The same idea applies to e-discovery – you’re trying to minimize your overall footprint at all times so that you don’t have documents that you no longer need. If and when a breach or litigation occurs, you know that you have the smallest footprint possible, which will minimize your overall costs.
MCC: Who should be involved in preparing for and responding to a data breach, and how can those stakeholders best be prepared?
Westfall: One answer is that everyone in the organization needs to be involved at some level. But what we’re trying to get at here is who’s going to be in the incident response plan. It’s obviously the stakeholders who are identified by the C-suite as the internal custodians of data that needs to be protected. This drives forward from what Jack was just saying. What are we trying to protect, and who are the stewards of that data within the company? Or although they may not be the stewards of data, they’re at the table because they understand what data is out there, what the map looks like, and the impact on the company of that data being breached.
Where this overlaps with e-discovery is that a litigation response plan looks very much like an incident response plan, in that it’s an event-based scenario that requires collection, processing and analysis of data. The incident response plan addresses security incidents – not necessarily breaches but incidents. There’s a huge difference between a breach and an incident. Companies have developed litigation response plans by understanding that they have to go in front of a judge and say, “We’ve produced everything that is related to this litigation event,” and they know that they have because they know what the enterprise-wide data set looks like. The same goes for cyber. If you don’t know what you have, you don’t know what can potentially be breached.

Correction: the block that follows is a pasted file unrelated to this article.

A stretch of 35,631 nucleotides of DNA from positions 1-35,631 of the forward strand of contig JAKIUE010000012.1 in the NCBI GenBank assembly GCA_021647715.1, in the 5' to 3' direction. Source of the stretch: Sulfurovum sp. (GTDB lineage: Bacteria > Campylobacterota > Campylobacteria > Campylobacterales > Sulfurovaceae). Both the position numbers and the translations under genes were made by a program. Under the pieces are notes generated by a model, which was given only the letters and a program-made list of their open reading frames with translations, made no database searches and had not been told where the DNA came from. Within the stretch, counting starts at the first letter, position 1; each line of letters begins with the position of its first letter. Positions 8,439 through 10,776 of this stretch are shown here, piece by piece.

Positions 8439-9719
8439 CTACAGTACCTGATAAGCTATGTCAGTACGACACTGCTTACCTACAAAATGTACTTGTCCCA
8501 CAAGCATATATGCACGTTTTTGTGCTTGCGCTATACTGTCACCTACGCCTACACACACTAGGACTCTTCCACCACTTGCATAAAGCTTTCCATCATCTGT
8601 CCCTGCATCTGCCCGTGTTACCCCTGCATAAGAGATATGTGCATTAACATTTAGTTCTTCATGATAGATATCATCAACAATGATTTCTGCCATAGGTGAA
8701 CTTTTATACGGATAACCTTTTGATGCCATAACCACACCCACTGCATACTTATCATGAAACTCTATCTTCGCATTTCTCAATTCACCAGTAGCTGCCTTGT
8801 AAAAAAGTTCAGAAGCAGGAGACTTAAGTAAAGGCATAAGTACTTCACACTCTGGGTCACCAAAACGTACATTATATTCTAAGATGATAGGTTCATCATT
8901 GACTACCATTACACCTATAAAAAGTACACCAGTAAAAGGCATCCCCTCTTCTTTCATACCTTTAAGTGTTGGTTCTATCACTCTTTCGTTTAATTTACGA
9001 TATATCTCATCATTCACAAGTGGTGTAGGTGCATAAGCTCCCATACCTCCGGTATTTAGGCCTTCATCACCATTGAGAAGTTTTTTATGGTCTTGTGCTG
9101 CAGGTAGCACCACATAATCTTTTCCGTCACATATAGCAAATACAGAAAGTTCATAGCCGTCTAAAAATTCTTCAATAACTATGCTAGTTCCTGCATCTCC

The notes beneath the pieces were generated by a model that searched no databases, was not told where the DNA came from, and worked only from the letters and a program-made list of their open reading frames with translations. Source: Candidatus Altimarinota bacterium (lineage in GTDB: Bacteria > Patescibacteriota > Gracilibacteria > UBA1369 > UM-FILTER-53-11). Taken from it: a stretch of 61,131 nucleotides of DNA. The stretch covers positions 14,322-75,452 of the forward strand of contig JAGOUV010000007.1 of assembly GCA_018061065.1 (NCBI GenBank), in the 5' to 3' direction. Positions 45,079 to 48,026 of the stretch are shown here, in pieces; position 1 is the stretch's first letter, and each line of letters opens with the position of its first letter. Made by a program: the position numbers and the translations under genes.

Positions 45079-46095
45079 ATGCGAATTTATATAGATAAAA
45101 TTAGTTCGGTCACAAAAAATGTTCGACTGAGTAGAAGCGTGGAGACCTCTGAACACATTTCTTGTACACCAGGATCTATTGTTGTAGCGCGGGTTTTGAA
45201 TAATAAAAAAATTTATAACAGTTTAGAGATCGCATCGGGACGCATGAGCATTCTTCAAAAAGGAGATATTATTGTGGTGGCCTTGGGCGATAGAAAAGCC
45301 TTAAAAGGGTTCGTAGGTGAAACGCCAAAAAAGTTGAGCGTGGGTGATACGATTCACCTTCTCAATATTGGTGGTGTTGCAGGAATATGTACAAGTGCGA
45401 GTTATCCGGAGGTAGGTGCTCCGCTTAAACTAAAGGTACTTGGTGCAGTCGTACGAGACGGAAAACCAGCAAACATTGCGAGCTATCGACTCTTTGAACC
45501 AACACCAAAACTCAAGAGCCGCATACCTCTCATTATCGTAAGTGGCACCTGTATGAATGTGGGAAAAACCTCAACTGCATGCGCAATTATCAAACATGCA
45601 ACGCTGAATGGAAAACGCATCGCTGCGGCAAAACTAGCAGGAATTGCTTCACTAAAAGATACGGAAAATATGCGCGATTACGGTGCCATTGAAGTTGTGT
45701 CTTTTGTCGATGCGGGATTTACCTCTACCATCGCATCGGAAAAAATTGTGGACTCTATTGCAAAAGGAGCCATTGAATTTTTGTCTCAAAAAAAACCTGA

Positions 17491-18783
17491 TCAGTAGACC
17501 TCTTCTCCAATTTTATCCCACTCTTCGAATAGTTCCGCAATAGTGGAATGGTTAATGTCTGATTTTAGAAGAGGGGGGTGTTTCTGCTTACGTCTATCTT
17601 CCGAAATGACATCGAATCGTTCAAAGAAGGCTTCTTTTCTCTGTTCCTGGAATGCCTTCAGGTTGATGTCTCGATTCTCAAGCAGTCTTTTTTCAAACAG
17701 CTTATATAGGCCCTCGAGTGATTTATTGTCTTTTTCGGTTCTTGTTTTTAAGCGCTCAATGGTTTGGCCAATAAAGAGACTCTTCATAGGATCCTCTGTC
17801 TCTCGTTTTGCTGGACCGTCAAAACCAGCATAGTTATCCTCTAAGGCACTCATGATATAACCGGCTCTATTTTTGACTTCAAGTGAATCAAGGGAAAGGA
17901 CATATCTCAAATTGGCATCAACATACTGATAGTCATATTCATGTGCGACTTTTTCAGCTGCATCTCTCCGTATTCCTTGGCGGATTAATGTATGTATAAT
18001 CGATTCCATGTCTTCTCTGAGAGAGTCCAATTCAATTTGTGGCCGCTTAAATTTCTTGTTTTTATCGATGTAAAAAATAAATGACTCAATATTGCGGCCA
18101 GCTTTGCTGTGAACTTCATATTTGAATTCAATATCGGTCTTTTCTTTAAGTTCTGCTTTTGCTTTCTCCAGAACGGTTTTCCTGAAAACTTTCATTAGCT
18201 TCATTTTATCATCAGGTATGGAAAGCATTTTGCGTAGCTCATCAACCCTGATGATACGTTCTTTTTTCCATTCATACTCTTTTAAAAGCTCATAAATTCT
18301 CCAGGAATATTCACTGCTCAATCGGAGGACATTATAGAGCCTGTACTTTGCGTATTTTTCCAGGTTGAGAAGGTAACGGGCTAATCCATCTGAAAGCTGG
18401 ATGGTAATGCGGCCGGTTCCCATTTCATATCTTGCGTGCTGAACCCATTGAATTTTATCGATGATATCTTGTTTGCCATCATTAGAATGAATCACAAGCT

Grimes: Skip’s answer is spot-on. Originally, incident response teams got involved early on, and they’d silo what was going on to a very limited number of stakeholders. Their goal was to get in, figure out what happened, remediate and move on. Now, with all of the different types of information that can be exposed during a breach and the regulations about what needs to be disclosed, that approach is too limiting. Although siloing is effective for containing the issue and preventing inadvertent disclosures, it doesn’t bring in all of the key stakeholders who might have a significant role in the decisions that need to be made.